3. It’s clean and green everywhere

In partnership with orderliness is cleanliness. I made it a point to discuss cleanliness separately because the subject is simply worth it. Taiwanese are indeed environment-friendly. Waste segregation is definitely weaved into the fabric of streets and restaurants. Except for a few, probably older, corners and streets where cigarette smokers usually let time pass, roads and lanes were all crystal clear of garbage. Even Shilin night market, with all sorts of visitors and vendors around, was a place of purely appetizing aroma because no trash was carelessly thrown everywhere.

Trees abound in streets

a street with trees in Taiwan

A view of a street in Taipei, Taiwan from inside a car

One thing I hate about most large cities is pollution. That is never a problem in Taiwan. Streets, while showcasing how industrially advanced the country is, would never run out of trees and shrubs on the aisles and sides. That is especially refreshing to see.

4. The locals are amazingly friendly and helpful

There was one time when we had to rent a U-bike and we couldn’t use the card because of some activation problem. A couple, with ages around 50’s, voluntarily presented themselves to help. They can’t speak English that well but they were very much willing to give us some aid. They even tried to swipe their own cards if they would work and offered to load our cards when they thought our card balance might just have been insufficient. Still, our card won’t work due to some registration error. They guided us through the registration machine in which almost everything one could read was in Chinese. When we’ve done almost everything we could and nothing would work still, they offered us to use the bike they’re supposed to be renting for themselves and told us to simply come back after we’re done purchasing from the other street.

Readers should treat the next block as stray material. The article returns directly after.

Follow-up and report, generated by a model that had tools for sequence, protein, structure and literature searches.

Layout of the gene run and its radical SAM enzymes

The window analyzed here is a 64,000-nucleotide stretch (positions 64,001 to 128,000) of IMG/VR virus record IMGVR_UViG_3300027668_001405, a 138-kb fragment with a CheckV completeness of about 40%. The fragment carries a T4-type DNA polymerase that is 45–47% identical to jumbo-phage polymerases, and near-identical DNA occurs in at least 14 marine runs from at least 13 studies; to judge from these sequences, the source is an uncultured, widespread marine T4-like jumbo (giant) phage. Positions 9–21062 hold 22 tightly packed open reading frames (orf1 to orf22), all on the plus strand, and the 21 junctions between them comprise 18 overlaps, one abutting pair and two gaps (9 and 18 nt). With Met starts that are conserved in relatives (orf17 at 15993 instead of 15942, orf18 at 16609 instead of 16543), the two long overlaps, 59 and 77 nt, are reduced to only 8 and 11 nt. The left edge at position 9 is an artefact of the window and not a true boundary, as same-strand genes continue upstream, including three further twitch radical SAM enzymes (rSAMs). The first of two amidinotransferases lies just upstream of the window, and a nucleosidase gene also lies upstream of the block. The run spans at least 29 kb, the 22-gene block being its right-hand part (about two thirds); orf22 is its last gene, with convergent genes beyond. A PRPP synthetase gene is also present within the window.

5. Taiwan is a haven of awesome food even for health-conscious travelers

Travels won’t be complete without food. Taiwan certainly did not disappoint us on this matter, even when we’re vegans. It wasn’t difficult to find vegan and vegetarian restaurants and cafes in Taiwan, especially in Taipei where we’ve stayed the most. Vegan Taipei was a great find. We just loved the pizza and the non-dairy ice cream!
vegan ice cream and vegan pizza

Vegan pizza and ice cream of two flavors from Vegan Taipei in Taiwan

6. Cold weather is totally cool in Taiwan

It was mid-January 2018 when we visited Taiwan and we loved the weather although it was already chilling cold at times. Typically, Filipinos love to visit places where the weather is way cooler than in the Philippines. We stayed at Yangmingshan and experienced a chilling cold temperature of 16°C while doing our dawn devotions and waiting for the sun to rise.

7. It’s VISA-free for Filipinos

Finally, Taiwan is currently VISA-free for Filipinos for a 14-day stay. The VISA-free trial period started last November 1, 2017, and will end on July 31, 2018. Hopefully, the VISA-free offer will continue on so that the opportunities for young aspiring travelers would stay open.

Taiwan Travel: a Worth-It Experience

Traveling from the Philippines to Taiwan was indeed an experience worth all our personal efforts and willing expenditures to get there. If you are planning on your first solo or duo trip abroad, consider Taiwan and you will never ever have any regrets.

Crystal L

Currently writing and traveling for both fun and profit, I am a natural science and technology enthusiast who loves to live an abundant, healthy and stress-free life. I aim at positively influencing others on living a cruelty-free lifestyle, both for one’s own benefit and the preservation of earth’s natural resources. I love travels, food (plant-based, of course), and animals, especially cats. Alongside these, I love physics and tech-related stuff, too. I am a vegan vegetarian, and I love veganism in all its positive principles. I am a health and naturopathy advocate, as well. Above all, I love Jesus.